And let’s not forget about the many duplicates you’ll get from continuous shots.
“Get a dependable & sturdy tripod to protect your investment and a long range wireless remote shutter. An extra battery and memory card are a huge plus.”
The downside of being both the model and photographer is that you’ll have to do a few trial shots to make sure you’re in the frame and to review your photos. After a while, it becomes second nature. I use a piece of leaf or small stone to mark my spot while I review my pictures.
You’ll still need to understand your camera in manual setting so you can get the best shots possible. If you leave in a cold region, you’ll need a lot of patience and layers to avoid freezing yourself to death. P.S: I also have a 32 GB memory card and an extra backup battery.
3. PAY A PROFESSIONAL PHOTOGRAPHER
Paying a professional photographer is one of the most obvious options for great quality photographs. But if you’re starting from scratch and you don’t have the disposable income, this could become very expensive.
Good thing about a professional is that the pictures are superb and the photographer would usually give you pointers like telling you to fix your hair or shirt.
In addition to paying top dollar (photographers have to eat too!), you have to wait for pictures to get edited, and would usually be restricted to a certain number of pictures that you can get (unless of course you have a lot of money).
I’ve paid a professional photographer in the past and she was kind enough to give me a hefty discount on the promise of frequent shoots and light editing. You may be able to negotiate a discount if you tell the photographer that you plan on working with him/her frequently and that you do not need super polished/edited pictures (i.e. engagement/wedding pictures).
Your next question is probably how to find a professional professional photographer. I use Model Mayhem because the website allows you to see the photographer’s previous work and credits from models and other people they’ve worked with (i.e. credits build trust and credibility).
The website is also free to join and easy to use. I used Model Mayhem to find photographers here in Alaska as well as for my shoots in Hawaii, Paris, and Colorado.
Use the search box to narrow by location and city and it’ll populate a list for you. You can also use Model Mayhem to find models, makeup artists, retouchers etc.
“Don’t be afraid to reach out to photographers. Sell yourself. Tell them what you want and what they can get in return then ask for a discount.”
While you can find a plethora of photographers with a click on Google, Model Mayhem is more precise and gives you a safety net. Remember, you have to pay with the hopes that the photographer will deliver. One handy tool you may not have thought of is Instagram. Yes, Instagram!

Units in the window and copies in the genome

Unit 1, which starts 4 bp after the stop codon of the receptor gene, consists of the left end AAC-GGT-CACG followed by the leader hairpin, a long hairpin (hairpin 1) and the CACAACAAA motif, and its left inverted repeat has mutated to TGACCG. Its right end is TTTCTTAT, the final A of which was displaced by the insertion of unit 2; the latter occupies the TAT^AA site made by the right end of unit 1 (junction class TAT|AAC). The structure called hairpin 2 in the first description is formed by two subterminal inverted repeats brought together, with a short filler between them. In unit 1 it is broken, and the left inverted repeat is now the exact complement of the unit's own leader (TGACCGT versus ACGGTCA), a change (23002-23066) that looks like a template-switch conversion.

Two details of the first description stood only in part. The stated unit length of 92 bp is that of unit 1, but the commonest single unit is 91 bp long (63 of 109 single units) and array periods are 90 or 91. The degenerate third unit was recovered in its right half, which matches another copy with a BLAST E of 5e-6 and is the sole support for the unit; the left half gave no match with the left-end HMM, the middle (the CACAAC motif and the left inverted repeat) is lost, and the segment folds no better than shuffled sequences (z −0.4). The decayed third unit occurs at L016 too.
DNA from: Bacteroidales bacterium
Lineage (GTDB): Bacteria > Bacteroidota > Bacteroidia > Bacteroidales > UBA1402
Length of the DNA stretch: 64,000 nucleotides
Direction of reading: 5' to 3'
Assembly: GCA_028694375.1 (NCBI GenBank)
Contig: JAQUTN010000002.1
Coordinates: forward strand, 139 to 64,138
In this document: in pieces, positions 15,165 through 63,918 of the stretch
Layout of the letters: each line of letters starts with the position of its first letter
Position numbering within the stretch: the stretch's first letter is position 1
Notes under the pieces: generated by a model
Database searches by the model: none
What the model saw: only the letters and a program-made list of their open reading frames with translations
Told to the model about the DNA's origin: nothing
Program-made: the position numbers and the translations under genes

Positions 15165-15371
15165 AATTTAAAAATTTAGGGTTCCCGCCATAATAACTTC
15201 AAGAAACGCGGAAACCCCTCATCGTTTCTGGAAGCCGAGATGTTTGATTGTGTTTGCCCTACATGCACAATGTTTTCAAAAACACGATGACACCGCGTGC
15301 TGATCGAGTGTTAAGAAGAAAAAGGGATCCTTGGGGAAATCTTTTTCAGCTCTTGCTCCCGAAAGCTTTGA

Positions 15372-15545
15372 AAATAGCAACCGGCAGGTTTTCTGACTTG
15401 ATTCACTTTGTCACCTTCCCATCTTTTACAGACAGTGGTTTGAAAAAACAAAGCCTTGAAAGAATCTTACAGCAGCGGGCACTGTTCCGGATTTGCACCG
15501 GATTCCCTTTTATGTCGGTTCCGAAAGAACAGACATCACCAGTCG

Search with location-specific hashtags (e.g. #Hawaii, #Cancun) and scroll through the results until you find professionally taken photos. Connect with the photographer and also check out their website.
For professionally taken photos, expect to pay no less than $200 depending on your location, and level of editing you need. For me, this was roughly 15 edited pictures in three outfits.
[Related: The best camera gadgets for blogging]
4. STRIKE A DEAL WITH A PHOTOGRAPHER
Money talks, bull**** works! If you offer a little bit of money, chances are your friends will beg to take your pictures. Why pay an amateur?
As a backup for when my photographer is not available, I decided to post an add on Craigslist for a semi-professional, ideally a photography student or an enthusiast with experience. Offer an amount of money you can afford.
For me, I offered $50 for 2-3 hours and received a ton of requests. I also provided my DSLR camera, lens (plus I have access to more lenses from school for free), and memory card. All the person has to do is show up, give me some guidance, and take me good pictures.
I lucked out got a professional photographer whose ad I had seen on Craigslist to work with me.
Well taken photos require little or no editing. If I do need to tweak a thing or two, I’ll have to do the editing myself but at least I have control over the pictures and I can keep my blog going while I wait for my photographer to become available.
There are a ton of free editing software including Pixlr, Flickr, Fotor, and PicMonkey and you can get Adobe Photoshop + Lightroom for $10 a month.
I use the editing software that came with my Canon camera called Digital Photo Professional 4 for basic editing. My out of pocket is only $50 for about 4 outfits (30 minutes/outfit).